Penalising the Victim Recent Israeli Measures to Deny Palestinian Civilians’ Right to Reparation
In February 2013, the Israeli Southern Central
Court in Be’er Sheva dismissed 14 civil claims cases brought before it by the
Palestinian Centre for Human Rights (PCHR). These cases sought compensation and
reparations for the deaths, injuries, and material losses suffered by
Palestinian civilians due to alleged violations of international law committed
during Israeli military attacks. These decisions form part of a series of
measures enacted by the Israeli authorities in recent years, which have
resulted in the dismissal of a large amount of cases and are intended to
prevent Palestinians from claiming compensation in the event of violations of
international law by Israel.
Through these civil cases, PCHR endeavours to
ensure the fulfilment of the customary international law norms, which recognize
each individual victim’s right to reparations, as any State that violates
international humanitarian law is required to make full reparations for the
loss or injury caused to the victims. However, the Israeli legislature and
judiciary, through their legislative amendments and recent decisions, have
imposed various financial, legislative, and procedural obstacles in the way of
victims’ achievement of justice.
Out of the 14 cases, the court dismissed 11 by
relying upon the 2012 Amendment No. 8 to the Israeli Civil Torts Law (Liability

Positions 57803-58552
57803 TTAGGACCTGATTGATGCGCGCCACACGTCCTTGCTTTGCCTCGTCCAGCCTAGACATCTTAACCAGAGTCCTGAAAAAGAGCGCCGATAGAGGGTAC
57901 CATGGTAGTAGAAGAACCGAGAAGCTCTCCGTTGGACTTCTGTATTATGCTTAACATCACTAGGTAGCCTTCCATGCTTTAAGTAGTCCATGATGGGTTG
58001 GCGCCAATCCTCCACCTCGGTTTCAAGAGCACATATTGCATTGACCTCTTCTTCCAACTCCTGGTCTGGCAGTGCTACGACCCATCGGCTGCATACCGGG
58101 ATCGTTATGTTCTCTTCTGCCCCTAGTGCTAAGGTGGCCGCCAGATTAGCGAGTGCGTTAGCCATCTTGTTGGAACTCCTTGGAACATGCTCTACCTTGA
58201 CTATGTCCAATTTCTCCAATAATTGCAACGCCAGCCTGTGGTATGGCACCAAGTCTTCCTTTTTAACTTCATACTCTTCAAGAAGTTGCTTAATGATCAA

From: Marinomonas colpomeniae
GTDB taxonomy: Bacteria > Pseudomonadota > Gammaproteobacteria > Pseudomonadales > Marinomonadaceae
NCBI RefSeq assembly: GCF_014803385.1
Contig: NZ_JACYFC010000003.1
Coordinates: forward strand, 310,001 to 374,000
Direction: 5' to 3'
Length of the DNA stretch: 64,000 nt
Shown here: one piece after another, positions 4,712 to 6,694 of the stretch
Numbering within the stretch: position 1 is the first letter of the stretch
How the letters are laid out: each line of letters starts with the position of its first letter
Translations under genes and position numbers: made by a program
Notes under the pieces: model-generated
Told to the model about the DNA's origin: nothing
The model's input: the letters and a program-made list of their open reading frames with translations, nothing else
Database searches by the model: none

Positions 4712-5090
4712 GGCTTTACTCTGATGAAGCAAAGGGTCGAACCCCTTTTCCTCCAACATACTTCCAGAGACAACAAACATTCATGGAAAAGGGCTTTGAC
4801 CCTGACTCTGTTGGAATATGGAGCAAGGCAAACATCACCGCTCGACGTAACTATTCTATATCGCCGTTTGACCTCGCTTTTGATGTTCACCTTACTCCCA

of the State), which sweepingly absolves the State of Israel of any liability
arising from damages caused to a resident of an enemy territory during a
“combat action”. This amendment directly contravenes norms of international
law, which prevent a State from absolving itself of any liability it incurs in
respect of grave breaches or serious violations, committed against civilians
during military operations.
The court dismissed the other 3 cases by
stating that they did not comply with procedural norms, according to which a
power of attorney for a civil case arising from the Gaza Strip is considered
valid only if it bears the signature and stamp of an Israeli diplomat. However, complying with this
procedure is not possible because claimants from the Gaza Strip are prevented
from travelling to Israel.
In addition to the above, the judiciary imposes
economic obstacles by charging each claimant a court guarantee, set at an
average of NIS 30,000 (USD 8,000). These expenses severely restrict PCHR’s
ability to pursue victims’ right to reparation.
PCHR has prepared a memorandum, which provides
a detailed explanation of the obstacles outlined above.
The dismissal of these civil claims is a
serious setback for the victims, denying them their right to accountability and
redress, particularly in light of the unjust reasoning behind the court’s
decisions. Such measures prevent and discourage victims from pursuing their
right to remedy and access to justice through civil claims cases. In effect,
PCHR believes that the Israeli judicial system is being used to provide an
illusion of justice, while systematically denying Palestinian civilians their
right to an effective remedy, and is evaluating and assessing all possible
Penalising the Victim (pdf)